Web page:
Add SSL to your personal website

Give yourself a gift this holiday season, and add SSL to your personal site. The web is going secure, and it's time to be part of the solution. This article details how I turned on SSL + custom domains, plus automated deploys, for my personal site for the cost of a domain (which I already had) and $5/year. Read on! Turns out, it's easier (and more affordable!) than you think to add SSL to your website. But first, why bother? There are lots of reasons why you should care about adding SSL: Search engines are preferring SSL New web APIs (like service worker) mandate SSL Users trust SSL Bonus: SSL can help enable HTTP/2 on some servers Your setup will vary, so look for the easiest/shortest path to SSL for your particular site. Everyone has factors they want to optimize for. Here's what I was trying to optimize, as I looked for a solution. I needed a solution that was: Affordable The solution should be very, very affordable. Affordable, in this context, m

Dynamically load package contents with Dart's new Resource class

tldr: In Dart 1.12, you can now dynamically load the contents of files/assets from package dependencies. The new Resource class is currently implemented in the VM, with dart2js support coming in a future release. Motivation Dart applications are rarely just a collection of .dart files from a single developer. Real-world Dart apps often include numerous package dependencies, which contain additional Dart libraries as well as assets such as images, configuration files, template files, and more. It's always been possible to import third-party libraries with Dart's package: URI scheme, however prior to Dart 1.12 it was not possible to access non-Dart files via package: URIs. For example, consider a tool such as stagehand , which generates new Dart projects such as web apps, server apps, pub packages, and more. The source of the new projects are stored as files and templates inside the stagehand package. Somehow, the stagehand tool needs to reference and load files from i

New Dart SDK helps eliminates symlinks

In which we retell the story of Dart and symlinks, investigate the new .packages file, and create a simpler world for Dart developers everywhere. tldr: The Dart team is working towards a world where symlinks are no longer required because of the new .packages file. Why a new solution for locating packages? In the long long ago, during the before times (aka 2011), Dart could only run monolithic scripts and apps. In those early days, Dart didn't have support for packages/shared libraries. Then came package: URIs, which opened the door for sharing code. However, the platform only had one way to resolve that package: URI: look inside a packages/ directory next to the file importing the library. (Later, a --package-root option was added for more flexibility.) Thus began Dart's reliance on symlinks  as a way of creating the packages/ directories next to all locations containing Dart scripts or libraries. Those symlinks and the package: scheme helped ushered in a boom of t

Null-aware operators in Dart

Three new language features just landed in the latest dev channel build of the Dart ! Collectively known as null-aware operators , these new features will help you reduce the code required to work with potentially null objects. I'm excited for these new abilities, because typing less is always a good thing. Read on to learn more, and be sure to try these new features on Dart Pad . ?? Use ?? when you want to evaluate and return an expression IFF another expression resolves to null. exp ?? otherExp is similar to ((x) => x == null ? otherExp : x)(exp) ??= Use ??= when you want to assign a value to an object IFF that object is null. Otherwise, return the object. obj ??= value is similar to ((x) => x == null ? obj = value : x)(obj) ?. Use ?. when you want to call a method/getter on an object IFF that object is not null (otherwise, return null). obj?.method() is similar to ((x) => x == null ? null : x.method())(obj) Yo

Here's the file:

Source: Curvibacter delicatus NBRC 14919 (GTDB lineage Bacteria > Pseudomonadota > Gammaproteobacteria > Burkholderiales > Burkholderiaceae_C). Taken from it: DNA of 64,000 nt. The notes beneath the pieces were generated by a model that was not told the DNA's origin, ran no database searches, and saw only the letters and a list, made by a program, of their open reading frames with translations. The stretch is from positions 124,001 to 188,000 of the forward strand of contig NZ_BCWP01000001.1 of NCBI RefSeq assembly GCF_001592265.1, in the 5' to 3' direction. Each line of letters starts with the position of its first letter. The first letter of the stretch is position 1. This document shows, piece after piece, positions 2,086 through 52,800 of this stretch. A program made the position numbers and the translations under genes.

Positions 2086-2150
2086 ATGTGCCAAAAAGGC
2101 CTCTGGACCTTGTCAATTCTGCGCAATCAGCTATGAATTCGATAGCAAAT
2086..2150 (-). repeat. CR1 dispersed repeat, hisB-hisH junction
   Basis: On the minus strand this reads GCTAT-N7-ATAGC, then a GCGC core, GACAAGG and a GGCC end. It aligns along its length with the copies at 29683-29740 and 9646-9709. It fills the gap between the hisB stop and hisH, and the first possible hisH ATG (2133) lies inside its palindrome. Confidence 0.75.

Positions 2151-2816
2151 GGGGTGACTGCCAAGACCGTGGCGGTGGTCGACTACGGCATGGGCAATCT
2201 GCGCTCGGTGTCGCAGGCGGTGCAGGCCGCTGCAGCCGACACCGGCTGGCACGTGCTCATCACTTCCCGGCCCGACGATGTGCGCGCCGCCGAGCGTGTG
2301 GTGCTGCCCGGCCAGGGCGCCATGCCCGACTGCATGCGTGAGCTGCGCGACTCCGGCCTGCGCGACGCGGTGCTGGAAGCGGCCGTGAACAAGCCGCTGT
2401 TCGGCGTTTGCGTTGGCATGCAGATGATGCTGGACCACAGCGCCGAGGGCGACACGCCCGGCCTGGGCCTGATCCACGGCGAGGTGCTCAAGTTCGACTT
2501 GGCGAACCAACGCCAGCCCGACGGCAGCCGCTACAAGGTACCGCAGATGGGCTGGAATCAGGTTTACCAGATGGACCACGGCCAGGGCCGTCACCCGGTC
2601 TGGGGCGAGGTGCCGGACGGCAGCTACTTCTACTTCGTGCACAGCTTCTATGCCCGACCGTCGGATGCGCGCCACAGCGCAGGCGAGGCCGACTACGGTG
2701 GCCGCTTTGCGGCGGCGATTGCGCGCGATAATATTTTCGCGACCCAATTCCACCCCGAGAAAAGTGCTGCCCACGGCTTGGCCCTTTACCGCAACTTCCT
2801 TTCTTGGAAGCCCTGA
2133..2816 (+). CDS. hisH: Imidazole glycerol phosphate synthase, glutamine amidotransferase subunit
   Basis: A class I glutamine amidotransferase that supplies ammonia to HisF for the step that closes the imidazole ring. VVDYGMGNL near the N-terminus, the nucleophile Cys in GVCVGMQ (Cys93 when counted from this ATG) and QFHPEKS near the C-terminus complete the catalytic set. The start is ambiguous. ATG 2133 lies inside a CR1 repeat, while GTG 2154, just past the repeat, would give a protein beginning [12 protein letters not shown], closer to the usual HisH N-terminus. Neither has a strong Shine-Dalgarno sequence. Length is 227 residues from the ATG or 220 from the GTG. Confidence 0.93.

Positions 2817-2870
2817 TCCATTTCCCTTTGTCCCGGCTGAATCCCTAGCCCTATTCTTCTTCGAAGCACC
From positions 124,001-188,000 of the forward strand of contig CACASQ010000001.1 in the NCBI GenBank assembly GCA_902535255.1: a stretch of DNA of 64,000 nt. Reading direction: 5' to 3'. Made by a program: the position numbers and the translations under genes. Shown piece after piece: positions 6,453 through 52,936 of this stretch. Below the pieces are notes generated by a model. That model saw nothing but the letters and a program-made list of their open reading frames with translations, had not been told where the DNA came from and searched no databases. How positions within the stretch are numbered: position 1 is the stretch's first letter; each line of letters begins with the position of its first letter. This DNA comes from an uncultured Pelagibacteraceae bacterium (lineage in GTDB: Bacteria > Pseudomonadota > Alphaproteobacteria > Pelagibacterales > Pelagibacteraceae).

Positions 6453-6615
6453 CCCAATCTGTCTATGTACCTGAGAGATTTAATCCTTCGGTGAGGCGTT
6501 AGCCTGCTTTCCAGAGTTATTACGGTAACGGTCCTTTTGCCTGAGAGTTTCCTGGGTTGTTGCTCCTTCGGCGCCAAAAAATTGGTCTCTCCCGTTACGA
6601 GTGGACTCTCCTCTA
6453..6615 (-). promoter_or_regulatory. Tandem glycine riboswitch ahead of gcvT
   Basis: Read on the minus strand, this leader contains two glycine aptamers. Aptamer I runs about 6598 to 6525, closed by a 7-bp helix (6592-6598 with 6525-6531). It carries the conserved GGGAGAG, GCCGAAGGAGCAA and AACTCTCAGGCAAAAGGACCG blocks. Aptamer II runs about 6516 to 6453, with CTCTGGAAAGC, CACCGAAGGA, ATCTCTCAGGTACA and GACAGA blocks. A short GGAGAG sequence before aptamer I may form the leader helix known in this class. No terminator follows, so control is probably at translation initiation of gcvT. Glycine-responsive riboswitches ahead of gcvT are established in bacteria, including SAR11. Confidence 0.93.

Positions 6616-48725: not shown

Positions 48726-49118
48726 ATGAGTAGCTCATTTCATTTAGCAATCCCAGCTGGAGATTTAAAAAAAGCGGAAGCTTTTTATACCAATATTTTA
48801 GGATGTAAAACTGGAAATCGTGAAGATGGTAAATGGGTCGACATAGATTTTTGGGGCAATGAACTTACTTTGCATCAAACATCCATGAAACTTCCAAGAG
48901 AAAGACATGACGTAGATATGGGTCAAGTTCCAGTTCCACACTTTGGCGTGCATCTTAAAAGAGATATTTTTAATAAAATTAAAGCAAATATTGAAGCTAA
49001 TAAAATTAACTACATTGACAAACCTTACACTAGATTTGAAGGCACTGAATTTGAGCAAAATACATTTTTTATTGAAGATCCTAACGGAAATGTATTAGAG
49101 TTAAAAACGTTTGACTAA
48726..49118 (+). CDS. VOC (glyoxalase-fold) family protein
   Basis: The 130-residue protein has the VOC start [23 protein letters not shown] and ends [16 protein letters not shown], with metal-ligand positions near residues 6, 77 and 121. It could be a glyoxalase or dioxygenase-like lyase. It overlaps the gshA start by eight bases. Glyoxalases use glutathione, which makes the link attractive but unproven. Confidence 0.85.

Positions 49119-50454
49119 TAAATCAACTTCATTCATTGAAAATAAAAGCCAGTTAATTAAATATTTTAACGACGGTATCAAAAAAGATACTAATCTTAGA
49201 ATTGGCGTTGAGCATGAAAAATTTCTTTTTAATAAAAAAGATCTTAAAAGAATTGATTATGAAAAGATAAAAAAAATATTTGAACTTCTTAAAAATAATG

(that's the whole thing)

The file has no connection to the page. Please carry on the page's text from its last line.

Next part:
Formatting Dart code before every git commit

Dart 's dartfmt tool is a really neat utility to automatically format your code. Use the dartfmt tool in your workflow to ensure your code complies with the Dart style guide . Of course, you don't want to manually run dartfmt. Instead, you want to automate it. Use git's pre-commit hook to ensure your code is formatted, before it is committed. Add the following code to your . git/hooks/pre-commit script for your local repo, and make sure the script is executable. #!/bin/bash DARTFMT_OUTPUT=`dartfmt -w . | grep Formatted` if [ -n "$DARTFMT_OUTPUT" ]; then   echo $DARTFMT_OUTPUT   echo "Re-attempt commit."   exit 1 else   echo "All Dart files formatted correctly. Yay!"   exit 0 fi If your code needs formatting, it will be formatted and written to disk. The commit will fail, so you have a chance to inspect the changes. You can enforce formatting with your Continuous Integration system. Try these instructions

I ported a JavaScript app to Dart. Here's what I learned.

In which I port a snazzy little JavaScript audio web app to Dart , discover a bug, and high-five type annotations. Here's what I learned. [As it says in the header of this blog, I'm a seasoned Dart developer. However, I certainly don't write Dart every day (I wish!). Don't interpret this post as "Hi, I'm new to Dart". Instead, interpret this post as "I'm applying what I've been documenting."] This post analyzes two versions of the same app, both the original (JavaScript) version and the Dart version. The original version is a proxy for any small JavaScript app, there's nothing particularly special about the original version, which is why it made for a good example. This post discusses the differences between the two implementations: file organization, dependencies and modules, shims, classes, type annotations, event handling, calling multiple methods, asynchronous programming, animation, and interop with JavaScript libraries. F